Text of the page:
With just nine trades involving only a handful of players, it will officially be scored as the quietest deadline in more than 20 years – a sign that the landscape has changed here in the salary cap era.
The Jets were still one of the biggest players this week, dealing Andrew Ladd, along with Jay Harrison and Matt Fraser, to the Chicago Blackhawks for Marko Dano, a first-round draft choice and a conditional pick in 2018 – a return Cheveldayoff remains pleased with, considering the
increasingly high value of young prospects and first-round picks.
“When we started to solicit offers or at least return calls from teams that had expressed interest in Andrew, it became very apparent to me early on that the market was going to be very different, just by the conversations that I had with numerous general managers,” he said. “There was interest out there, but with respect to the prices that we were looking at – and we were certainly looking at a first-round pick in any return that we were going to get – it became that was going to be a very difficult thing to get in the marketplace as it was setting up.
“When we did decide to move forward with the deal, ultimately in our thoughts and in our process it was the best course of action to take.”
With all the trades that have happened over the past week, the Jets are the only team to acquire a first-round pick
“Whether it was ahead of the market or that it was going to wait, we thought it was the best deal that we were going to make.”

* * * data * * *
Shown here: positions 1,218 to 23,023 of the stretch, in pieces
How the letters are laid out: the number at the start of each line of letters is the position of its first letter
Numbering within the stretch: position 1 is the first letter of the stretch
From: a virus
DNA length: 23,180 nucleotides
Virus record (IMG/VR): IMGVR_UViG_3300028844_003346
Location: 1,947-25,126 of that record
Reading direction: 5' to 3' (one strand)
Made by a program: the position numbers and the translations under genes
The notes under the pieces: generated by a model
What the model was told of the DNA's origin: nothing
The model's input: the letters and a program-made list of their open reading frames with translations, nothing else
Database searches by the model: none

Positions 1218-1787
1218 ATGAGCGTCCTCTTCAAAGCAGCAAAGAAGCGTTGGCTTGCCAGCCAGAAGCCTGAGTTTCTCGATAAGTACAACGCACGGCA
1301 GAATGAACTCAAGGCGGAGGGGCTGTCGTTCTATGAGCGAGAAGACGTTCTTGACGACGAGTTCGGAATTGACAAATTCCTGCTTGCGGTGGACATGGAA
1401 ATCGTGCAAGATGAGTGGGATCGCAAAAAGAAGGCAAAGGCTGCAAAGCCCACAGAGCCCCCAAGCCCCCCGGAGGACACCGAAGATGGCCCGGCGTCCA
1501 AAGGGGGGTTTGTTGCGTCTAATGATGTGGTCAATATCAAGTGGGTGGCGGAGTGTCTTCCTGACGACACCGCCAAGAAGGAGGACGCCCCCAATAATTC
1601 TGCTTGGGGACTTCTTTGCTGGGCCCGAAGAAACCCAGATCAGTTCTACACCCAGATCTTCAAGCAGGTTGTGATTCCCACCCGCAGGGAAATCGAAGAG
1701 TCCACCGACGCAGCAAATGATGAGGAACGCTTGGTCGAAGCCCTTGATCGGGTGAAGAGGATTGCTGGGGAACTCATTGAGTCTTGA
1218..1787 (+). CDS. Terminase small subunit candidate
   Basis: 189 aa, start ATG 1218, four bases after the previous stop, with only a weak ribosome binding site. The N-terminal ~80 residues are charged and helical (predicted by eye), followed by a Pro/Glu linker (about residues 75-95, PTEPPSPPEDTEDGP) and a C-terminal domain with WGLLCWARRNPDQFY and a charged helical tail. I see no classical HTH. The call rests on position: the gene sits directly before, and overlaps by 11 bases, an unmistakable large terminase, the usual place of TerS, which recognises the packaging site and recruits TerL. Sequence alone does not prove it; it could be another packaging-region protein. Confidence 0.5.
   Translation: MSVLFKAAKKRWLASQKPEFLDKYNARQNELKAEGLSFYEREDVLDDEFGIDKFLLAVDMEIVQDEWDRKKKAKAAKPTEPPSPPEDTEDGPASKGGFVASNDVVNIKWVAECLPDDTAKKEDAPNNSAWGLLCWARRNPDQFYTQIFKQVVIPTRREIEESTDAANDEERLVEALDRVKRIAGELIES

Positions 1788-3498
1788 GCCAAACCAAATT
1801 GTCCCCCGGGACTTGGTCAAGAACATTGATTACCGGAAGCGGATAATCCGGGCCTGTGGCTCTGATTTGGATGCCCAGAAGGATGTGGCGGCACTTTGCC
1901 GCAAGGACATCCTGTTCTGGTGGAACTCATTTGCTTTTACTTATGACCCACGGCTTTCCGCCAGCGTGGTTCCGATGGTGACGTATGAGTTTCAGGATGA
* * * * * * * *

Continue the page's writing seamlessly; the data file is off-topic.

(The Jets have not yet named a new captain, and may not until next season, Cheveldayoff later confirmed.)
In a lengthy press conference earlier today at MTS Centre, Cheveldayoff answered all kinds of questions about the trade market, the draft, free agency and so on. He also fielded queries about why the team didn’t spend to the cap this year, highlighting his earlier point about the importance – or “trend” – of retaining young talent. The Jets, of course, have several core players on expiring contracts, including Mark Scheifele and Jacob Trouba, who are both coming off their entry-
Not one of the Jets’ RFAs currently counts for more than $900,000 on the cap. That is likely to change. The space to retain them and create flexibility moving forward is an essential part of Cheveldayoff’s plan, and he wasn’t about to sacrifice the future for any kind of short-term stopgap. That includes – going back to last summer – signing a veteran player to a short-term deal, as it would have impeded the progress of Nikolaj Ehlers and others, who needed the ice time at
this point in their careers.
“Is (the cap) going to go up? Is it going to stay flat? That’s a big thing, especially when it comes to restricted free agents,” Cheveldayoff said. “As a team, you have to be able to sign your young players, and you have to have that cap flexibility. You don’t want to have to be trading a young guy at a point in time where they’re just starting to become good players because you don’t have the cap space.
“We wouldn’t be sitting here talking about the flexibility that we have, to be able to say, ‘Mark Scheifele, Jacob Trouba — we’re going to get these deals done.’ There have been teams that have had to make decisions based on the fact that, ‘We can’t get a deal done here; now we’re going to have to move you,’ and that was not going to be us.”
While the Jets were silent at the trade table, one transaction did have a Winnipeg connection: Veteran defenceman Adam Pardy was claimed off waivers by the Edmonton Oilers, who currently sit last in the conference. Pardy, 31, had spent the past three years with the Jets organization, but only appeared in 14 games this season. Cheveldayoff tried to swing a deal with a team in need, but when one didn’t materialize, he opted for the waiver wire, hoping to see the rugged blueliner land elsewhere where he could play games down the stretch.
He should get that opportunity with the Oilers.
As a result and with Mark Stuart currently injured, Paul Postma will be back in the lineup on a regular basis for the rest of the year.
– Ryan Dittrick, WinnipegJets.com